I own a low-loader articulated outfit which we use in
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our business as farmers, agricultural contractors and land reclamation operators, The low-load semi-trailer is a Tasker and although it has never been Ministry of Transport tested or plated, there is a manufacturer's plate on the chassis clearly stating it is a 25-tonner; the semi-trailer is 8ft lie, wide.
I am advised that this trailer does not require plating or testing as it is in excess of 8ft 6in. in width, though the AEC tractor unit is less than 8ft bin. wide. Could you tell me if the trailer does require testing and plating or not, also any ruling regarding the tractive unit for towing same? It would also help me if you could give me an idea of the cost of the Road Fund Licence for this outfit. The tractor weighs approximately 5 tons and the semi-trailer approximately 6 tons lOcwt.
One further question.. would an articulated outfit with a gvw less than 16 tons require a variation of licence, also could a driver take a class 1 driving test an this outfit? It has a manual gear change.
AFrom the description you have given us it would seem that your low-loader outfit does not require to be plated and tested.
The fact that the trailer is outside the Construction and Use width limit of 8ft 2i-in. means that the vehicle can only be operated under Special Types regulations in the main, for abnormal or indivisible loads) and such vehicles are exempt from plating and testing.
However, if the tractive unit is within C and U requirements and although when used with the trailer mentioned it does not have to be plated and tested, If it were to be used with a trailer coming within the C and U limits then it would need to be plated and tested.
The approximate Cost of a Road Fund Licence for the outfit based on an unladen weight of 11 tons is £553 per year.
Your question about the variation of licence for the under-16-ton-gross artic outfit is not quite clear. Such a vehicle needs to be specified on an operator's licence but it does not now require a carrier's licence. If it was previously specified on an A. B. or Contract A licence you should have already obtained an 0 licence for it. if, however, it was previously specified on a C licence then the date by which you have to apply for an 0 licence tor the vehicle should have been given to you by the Licensing Authority's office. The changeover dates for C-licence vehicles have been staggered over a period ending in December this year. .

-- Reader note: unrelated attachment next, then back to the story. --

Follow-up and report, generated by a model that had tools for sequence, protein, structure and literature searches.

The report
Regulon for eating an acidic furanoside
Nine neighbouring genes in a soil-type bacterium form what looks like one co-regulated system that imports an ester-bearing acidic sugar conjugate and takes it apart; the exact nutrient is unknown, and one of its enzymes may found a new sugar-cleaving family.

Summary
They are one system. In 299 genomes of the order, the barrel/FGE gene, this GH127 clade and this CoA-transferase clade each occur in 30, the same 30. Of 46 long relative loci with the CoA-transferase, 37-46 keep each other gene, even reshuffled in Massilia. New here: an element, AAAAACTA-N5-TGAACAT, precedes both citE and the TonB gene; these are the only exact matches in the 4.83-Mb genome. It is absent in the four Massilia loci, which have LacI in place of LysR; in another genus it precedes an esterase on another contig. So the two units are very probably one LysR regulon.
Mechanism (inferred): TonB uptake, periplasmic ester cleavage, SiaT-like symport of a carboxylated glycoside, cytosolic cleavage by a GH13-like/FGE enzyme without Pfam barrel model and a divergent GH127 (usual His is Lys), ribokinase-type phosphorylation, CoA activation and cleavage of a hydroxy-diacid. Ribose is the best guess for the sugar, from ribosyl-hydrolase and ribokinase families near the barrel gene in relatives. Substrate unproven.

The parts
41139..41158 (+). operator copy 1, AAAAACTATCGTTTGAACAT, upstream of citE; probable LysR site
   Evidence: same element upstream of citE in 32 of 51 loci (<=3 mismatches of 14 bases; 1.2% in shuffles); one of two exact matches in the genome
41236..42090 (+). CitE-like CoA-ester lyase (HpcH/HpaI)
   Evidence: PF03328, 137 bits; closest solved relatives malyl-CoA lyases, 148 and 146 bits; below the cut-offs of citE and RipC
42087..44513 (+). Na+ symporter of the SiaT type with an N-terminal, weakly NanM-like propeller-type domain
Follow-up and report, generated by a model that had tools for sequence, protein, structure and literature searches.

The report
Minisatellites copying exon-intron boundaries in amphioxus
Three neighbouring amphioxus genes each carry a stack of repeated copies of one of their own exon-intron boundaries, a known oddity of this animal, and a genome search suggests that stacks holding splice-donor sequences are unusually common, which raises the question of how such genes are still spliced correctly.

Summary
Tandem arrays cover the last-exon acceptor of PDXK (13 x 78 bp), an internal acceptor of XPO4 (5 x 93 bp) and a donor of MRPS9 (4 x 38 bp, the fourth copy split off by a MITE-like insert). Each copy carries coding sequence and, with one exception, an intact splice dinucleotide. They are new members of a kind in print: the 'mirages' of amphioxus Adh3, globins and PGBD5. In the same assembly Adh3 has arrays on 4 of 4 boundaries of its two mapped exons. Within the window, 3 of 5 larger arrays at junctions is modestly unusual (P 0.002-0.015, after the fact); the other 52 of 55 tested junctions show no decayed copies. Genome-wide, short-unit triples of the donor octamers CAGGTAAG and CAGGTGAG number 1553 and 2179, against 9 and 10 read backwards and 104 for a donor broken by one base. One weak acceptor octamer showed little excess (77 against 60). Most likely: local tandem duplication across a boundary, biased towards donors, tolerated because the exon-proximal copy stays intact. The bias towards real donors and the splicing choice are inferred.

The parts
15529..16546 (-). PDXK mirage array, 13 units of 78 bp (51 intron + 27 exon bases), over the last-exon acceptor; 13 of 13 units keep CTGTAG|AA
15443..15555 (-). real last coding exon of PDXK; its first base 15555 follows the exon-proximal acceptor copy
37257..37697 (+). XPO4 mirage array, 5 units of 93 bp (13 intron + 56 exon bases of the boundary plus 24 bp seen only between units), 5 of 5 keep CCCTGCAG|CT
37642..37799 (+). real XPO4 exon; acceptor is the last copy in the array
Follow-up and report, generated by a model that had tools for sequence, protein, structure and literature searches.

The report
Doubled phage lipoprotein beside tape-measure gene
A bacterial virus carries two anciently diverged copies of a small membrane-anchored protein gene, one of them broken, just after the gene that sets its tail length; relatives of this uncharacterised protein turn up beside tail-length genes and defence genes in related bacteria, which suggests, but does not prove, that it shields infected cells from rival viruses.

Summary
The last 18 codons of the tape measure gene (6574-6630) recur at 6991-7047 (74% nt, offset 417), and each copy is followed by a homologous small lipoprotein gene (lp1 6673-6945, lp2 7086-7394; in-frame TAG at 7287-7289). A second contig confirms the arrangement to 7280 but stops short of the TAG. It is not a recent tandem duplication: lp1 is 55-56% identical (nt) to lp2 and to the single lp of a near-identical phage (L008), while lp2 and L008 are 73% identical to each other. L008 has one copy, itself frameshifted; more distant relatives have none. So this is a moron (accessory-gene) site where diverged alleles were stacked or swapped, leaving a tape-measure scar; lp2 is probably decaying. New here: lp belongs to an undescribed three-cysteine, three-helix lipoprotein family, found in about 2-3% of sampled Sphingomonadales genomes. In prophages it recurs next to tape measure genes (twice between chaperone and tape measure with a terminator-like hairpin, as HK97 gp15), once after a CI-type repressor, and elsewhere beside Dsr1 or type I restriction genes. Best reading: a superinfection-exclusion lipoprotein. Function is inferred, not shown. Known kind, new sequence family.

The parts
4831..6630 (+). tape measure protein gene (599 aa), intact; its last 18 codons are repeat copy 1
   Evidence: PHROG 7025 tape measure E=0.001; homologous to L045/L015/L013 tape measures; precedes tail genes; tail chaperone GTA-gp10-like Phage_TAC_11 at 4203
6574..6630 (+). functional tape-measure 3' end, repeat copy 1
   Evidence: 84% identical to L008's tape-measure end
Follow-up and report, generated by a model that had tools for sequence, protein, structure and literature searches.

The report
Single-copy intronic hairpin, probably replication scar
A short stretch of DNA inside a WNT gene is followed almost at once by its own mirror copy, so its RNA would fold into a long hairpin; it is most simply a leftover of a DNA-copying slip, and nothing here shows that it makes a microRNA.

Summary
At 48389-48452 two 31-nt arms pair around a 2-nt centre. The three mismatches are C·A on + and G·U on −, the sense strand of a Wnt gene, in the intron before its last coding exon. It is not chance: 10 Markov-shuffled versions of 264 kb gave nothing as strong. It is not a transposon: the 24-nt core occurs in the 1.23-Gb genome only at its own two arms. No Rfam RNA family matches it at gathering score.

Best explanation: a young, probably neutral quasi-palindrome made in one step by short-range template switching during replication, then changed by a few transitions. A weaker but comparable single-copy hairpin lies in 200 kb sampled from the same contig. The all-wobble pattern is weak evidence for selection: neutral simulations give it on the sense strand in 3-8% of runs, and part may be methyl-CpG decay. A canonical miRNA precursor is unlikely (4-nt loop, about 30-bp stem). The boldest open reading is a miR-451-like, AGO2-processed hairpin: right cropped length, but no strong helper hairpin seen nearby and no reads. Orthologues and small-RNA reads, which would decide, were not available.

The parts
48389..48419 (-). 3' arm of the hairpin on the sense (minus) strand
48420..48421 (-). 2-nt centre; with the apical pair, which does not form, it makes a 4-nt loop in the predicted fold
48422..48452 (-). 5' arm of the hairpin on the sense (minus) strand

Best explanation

A driver can take an hgv driving test to obtain a Class 1 hgv driving licence on this vehicle.
n have been assured by both the local " police and MoT that a vehicle may not be driven on the highway with a defective speedometer. I have always been under the impression that a precedent has been created whereby, provided reasonable steps have been taken to rectify the defect the vehicle may still be used on the highway. For example if spares to rectify the fault have been ordered.
Could you tell me if I am correct because some of my drivers have refused to drive a vehicle with a defective speedometer?
AIt is very much a matter for the Court, in the event of prosecution for such an offence, to decide whether or not a conviction
is justified. Certainly so far as the law is concerned the case is clear: the Road Traffic Act 1960 requires. in general, all mechanically propelled vehicles to be fitted with a speedometer in working order.
Section 77 of the C and U Regulations 1969 states that -it shall be a good defence to proceedings . . . to prove that the defect occurred in the course of the journey during which the contravention was detected or, at the time when the contravention was detected steps had already been taken to have the defect remedied with all reasonable expedition".
If, therefore, you were prosecuted and your solicitor was able to show, as a mitigating circumstance, that you had taken all reasonable steps to have the speedometer repaired or obtain spare parts (including perhaps a letter from the spare parts agent confirming that no spares were available immediately and that attempts were being made to obtain them as soon as possible) then the Court might look upon the case in a favourable manner and not convict.